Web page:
Did you just say 'no promotion at all'?
Exactly. By no promotion, I really mean no promotion. I am not going slowly now to pick up pace towards the film's release. Instead, the film will release without any TV promos.
How about other mediums?
The song CD is out and the tracks can also be heard and bought online. Apart from this, there won't be any other way that Kal Kissne Dekha will be exposed to audience before its release. There will be hoardings though but even that would be controlled. But if you are asking me about television promos then there would be none. Also, there won't be any radio promotion either.
Is it happening due to ongoing 'producers v/s exhibitors' tussle?
It is not the reason but then the entire fiasco did get the thought running. It just set me in a thinking mode that why do we have to spend so much on the promotion when ultimately we are looking at getting back that money from the audience's pocket only. Kahin naa kahin se woh paisa wapas nikalna hi hai jo lagaaya hai, toh phir usme audience ko kyon pareshan kiya jaaye! It is better to save cost than inflict it on others.
But won't the 'zero promotion' stance turn out to be a deterrent for Jackky's launch?
It's an experiment and I hope that it turns out to be a new marketing 'mantra' in weeks and months to come. Also, at the end of the day, even if it sounds cliched, it's the product that does the talking. Tell me, in the 60s or the 70s, was there any medium through which a movie was promoted? Were there any entertainment channels? Even then the films did succeed, right? We have been spoilt by so many choices available and more is only turning out to be less. I want to go against the trend and am quite positive that it will work.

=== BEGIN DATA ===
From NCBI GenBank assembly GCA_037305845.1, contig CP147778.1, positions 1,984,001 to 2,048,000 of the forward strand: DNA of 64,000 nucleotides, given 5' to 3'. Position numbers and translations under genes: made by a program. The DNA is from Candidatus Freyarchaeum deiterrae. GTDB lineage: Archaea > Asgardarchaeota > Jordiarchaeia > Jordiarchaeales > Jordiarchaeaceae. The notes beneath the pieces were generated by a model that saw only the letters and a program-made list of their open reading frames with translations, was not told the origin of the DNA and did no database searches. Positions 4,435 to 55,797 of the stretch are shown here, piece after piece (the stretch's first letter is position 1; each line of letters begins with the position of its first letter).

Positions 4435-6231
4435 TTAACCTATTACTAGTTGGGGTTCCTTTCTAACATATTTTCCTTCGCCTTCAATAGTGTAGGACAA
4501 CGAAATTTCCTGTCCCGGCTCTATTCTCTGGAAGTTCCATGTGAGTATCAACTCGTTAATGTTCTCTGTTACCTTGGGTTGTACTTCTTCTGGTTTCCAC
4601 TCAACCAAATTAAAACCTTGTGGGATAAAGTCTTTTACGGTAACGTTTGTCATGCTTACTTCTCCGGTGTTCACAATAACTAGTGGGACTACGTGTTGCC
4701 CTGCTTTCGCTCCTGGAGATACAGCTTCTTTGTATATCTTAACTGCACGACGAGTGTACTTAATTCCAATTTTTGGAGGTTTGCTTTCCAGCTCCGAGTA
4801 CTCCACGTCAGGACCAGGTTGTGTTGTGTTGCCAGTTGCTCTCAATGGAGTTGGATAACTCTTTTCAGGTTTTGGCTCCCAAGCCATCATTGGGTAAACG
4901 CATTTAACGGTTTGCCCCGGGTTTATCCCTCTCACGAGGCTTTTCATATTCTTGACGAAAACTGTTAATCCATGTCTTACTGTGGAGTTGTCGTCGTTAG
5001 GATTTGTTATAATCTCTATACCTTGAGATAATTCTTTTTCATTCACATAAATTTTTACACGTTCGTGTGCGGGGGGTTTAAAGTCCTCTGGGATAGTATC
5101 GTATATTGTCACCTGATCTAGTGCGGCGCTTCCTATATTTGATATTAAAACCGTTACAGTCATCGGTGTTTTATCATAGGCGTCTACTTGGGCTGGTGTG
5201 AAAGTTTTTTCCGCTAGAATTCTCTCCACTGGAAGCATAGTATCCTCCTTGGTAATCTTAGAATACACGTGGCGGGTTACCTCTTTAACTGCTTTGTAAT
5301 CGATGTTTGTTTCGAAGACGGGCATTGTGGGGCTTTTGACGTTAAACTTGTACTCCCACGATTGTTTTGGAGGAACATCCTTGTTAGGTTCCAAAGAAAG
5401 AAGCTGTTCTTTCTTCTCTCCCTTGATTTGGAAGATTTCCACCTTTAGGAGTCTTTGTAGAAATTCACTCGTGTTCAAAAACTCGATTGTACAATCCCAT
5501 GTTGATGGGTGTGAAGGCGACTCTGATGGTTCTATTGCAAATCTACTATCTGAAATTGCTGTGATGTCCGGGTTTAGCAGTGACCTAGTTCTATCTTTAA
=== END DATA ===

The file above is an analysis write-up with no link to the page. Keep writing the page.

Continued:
So in a way you are creating a suspense element around Jackky by hiding him from the audience?
In a way, that's true. So the thought here is, if you want to see how Jackky looks on screen, come and watch him on the big screen. I would rather have audience see him for the first time on screen rather than hundred times a day on music channels before the D-Day. I want the curiosity element to be built around him and Vaishali (Desai), the debutant girl. Audience should keep guessing who they are and how well do they act on screen.
Seems like the Yash Raj Films way of promotion too has inspired you.
They too seldom go ballistic in the promotion of their films, case in point being Dhoom 2 which was hardly publicized but went on to be the biggest money spinner of their production house before Rab Ne Bana Di Jodi happened.
Yes, they too have attempted this promotion and marketing model earlier but I am aware that this is still in its infancy stage. You never know, this may well turn out to be future way of movie marketing. (Smiles) Aakhir, kal kissne dekha!
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